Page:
AIFF headquarters in New Delhi (Photo: Getty Images)
Just hours before it suspended the All India Football Federation on August 16, FIFA representatives held a video conference with senior ministry of sports and SAI officials during which the two sides agreed on an election process for the AIFF executive committee that adhered to the world body’s norms, comprising 22 members which would include five eminent former players.
Significantly, the government-FIFA conference, which took place at 3 pm in the afternoon of August 15, saw the world body agreeing to the ongoing election process of the AIFF executive council as per the Supreme Court’s directions in keeping with the formulation agreed on during the discussions. Barring FIFA’s view that the AIFF general secretary is a salaried and not elected post all issues stood resolved. A clear action plan for proceeding with elections – the key FIFA demand for allowing India to host the women’s under 17 world cup in October – was arrived at and duly recorded.
Keen to eliminate delays in implementing the agreed text, the sports ministry held a VC with the committee of administrators (CoA) members Justice (retd) A K Dave and former chief election commissioner S Y Qureshi the same evening. Given the urgency of the situation, the discussions with FIFA were endorsed except that the number of players in the executive was increased by one to six.
Yet, despite contentious issues being resolved, a day later on August 16, the bureau of the FIFA council suspended AIFF for undue influence of third parties. This instantly debarred a women’s team from participating in a Asian club tournament and scratched India as host for the U 17 women’s world cup. Just why the FIFA proceeded with the ban has left government mystified. “Perhaps FIFA doubted elections will be held in time. But the ministry and CoA had agreed to all their points,” said a source.
Participants at the VC between FIFA and the ministry on August 15 were: Nodar Akhalkatsi, director of strategic projects and member association governance, FIFA and Sanjeevan C Balasingham, director of member association, Asia and Oceania, FIFA. From the ministry of sports were Sandeep Pradhan, DG SAI and Kunal, joint secretary, (sports development). “FIFA Representatives appreciated the efforts and were in agreement broadly with all points,” says the record of the meeting.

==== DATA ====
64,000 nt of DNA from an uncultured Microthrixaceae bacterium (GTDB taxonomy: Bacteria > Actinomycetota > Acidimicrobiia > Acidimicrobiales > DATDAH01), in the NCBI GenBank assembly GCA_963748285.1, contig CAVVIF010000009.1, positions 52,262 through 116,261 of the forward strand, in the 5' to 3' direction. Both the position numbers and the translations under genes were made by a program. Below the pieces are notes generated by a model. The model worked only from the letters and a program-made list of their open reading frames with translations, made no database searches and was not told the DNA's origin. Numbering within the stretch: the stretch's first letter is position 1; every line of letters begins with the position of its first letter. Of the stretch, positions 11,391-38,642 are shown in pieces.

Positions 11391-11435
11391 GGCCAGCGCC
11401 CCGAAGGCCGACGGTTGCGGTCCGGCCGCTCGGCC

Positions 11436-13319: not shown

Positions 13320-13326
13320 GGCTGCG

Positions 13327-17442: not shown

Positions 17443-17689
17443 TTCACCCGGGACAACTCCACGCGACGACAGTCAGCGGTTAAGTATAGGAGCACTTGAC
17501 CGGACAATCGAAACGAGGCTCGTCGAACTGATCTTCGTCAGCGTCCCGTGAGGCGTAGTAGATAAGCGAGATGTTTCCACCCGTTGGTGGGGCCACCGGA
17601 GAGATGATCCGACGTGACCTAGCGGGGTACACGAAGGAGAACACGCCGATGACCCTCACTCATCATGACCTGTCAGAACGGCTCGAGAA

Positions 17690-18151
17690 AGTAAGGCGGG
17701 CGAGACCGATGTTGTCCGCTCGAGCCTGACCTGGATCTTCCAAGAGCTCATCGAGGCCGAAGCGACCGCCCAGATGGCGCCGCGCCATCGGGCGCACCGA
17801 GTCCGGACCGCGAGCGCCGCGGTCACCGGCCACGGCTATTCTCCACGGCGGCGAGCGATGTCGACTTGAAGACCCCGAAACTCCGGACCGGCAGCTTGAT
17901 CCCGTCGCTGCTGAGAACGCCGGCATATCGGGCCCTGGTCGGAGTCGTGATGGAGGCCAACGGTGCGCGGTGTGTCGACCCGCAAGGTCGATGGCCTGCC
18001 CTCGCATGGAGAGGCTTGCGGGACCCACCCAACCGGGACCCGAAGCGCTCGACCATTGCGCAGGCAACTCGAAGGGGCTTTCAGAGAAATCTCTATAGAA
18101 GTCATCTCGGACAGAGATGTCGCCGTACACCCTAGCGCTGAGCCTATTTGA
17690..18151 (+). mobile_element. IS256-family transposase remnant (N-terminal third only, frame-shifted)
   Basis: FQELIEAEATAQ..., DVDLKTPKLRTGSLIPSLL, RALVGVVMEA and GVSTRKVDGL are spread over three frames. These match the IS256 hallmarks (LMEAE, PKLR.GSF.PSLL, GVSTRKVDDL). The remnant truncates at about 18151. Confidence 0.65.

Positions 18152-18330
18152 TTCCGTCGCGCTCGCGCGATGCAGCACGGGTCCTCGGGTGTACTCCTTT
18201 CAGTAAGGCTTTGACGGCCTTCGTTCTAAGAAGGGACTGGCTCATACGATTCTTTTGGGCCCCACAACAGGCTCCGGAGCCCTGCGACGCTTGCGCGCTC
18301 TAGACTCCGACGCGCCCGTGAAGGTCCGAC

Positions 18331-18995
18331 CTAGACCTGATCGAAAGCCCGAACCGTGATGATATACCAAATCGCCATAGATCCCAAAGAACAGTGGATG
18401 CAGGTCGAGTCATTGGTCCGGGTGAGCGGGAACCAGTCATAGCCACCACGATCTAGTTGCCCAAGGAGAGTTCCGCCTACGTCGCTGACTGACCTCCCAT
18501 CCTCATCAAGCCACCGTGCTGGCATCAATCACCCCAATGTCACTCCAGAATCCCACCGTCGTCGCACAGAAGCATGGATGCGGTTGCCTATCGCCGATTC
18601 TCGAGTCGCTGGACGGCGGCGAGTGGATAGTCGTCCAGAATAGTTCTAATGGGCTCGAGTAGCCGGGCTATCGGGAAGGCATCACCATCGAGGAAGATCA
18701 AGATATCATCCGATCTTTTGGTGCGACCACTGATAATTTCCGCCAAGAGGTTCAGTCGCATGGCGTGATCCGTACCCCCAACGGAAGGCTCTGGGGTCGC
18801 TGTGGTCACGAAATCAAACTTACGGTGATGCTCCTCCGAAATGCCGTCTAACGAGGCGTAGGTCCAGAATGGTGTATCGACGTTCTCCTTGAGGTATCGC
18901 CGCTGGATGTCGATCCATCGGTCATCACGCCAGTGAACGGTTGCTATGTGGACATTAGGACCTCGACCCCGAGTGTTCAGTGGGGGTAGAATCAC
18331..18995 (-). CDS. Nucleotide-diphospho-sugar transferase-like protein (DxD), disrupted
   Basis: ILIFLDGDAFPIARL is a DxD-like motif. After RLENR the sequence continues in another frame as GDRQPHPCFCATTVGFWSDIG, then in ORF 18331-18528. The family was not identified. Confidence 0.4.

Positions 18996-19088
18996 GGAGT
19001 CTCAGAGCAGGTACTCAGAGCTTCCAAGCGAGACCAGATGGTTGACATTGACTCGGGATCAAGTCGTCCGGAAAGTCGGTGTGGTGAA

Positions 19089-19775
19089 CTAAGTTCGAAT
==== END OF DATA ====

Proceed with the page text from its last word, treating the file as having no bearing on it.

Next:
The specifics agreed on were:
– Election of EC to be conducted by electoral collvege of 36 state representatives.
– EC consist of 22 members, including five eminent players and 17 will include. The president, treasurer and one vice president.
– Three men and two women eminent players may be nominated. This mean a past football player, male or female, who has been retired for at least two years, represented India at the senior level in at least one competitive match sanctioned by FIFA/AFC.
– Selected eminent players shall be co-opted as members in the EC, have voting rights.
– If president is permanently or temporarily prevented from functioning, vice president will be acting president. If vice president is not able to function, an acting president will be chosen among EC members.
– Ongoing election process to continue as per directions of Supreme Court. FIFA had no objection if any candidate or association demands additional time for electoral process as long as election concludes well before U 17 cup.
– New EC be elected within six months from adoption a new constitution by the competent authority. Till then the elected EC so elected can continue subject to maximum of four years.
In the event the FIFA action in banning AIFF when even the CoA had agreed to step aside and allow the executive committee, formed as per agreement with FIFA, to take charge is puzzling in many ways. Sources familiar with the discussions point out that the contentious issue of the inclusion of former players with voting rights had also been resolved with CoA abandoning its proposal of inducting as many of 36 of them into the EC with voting rights.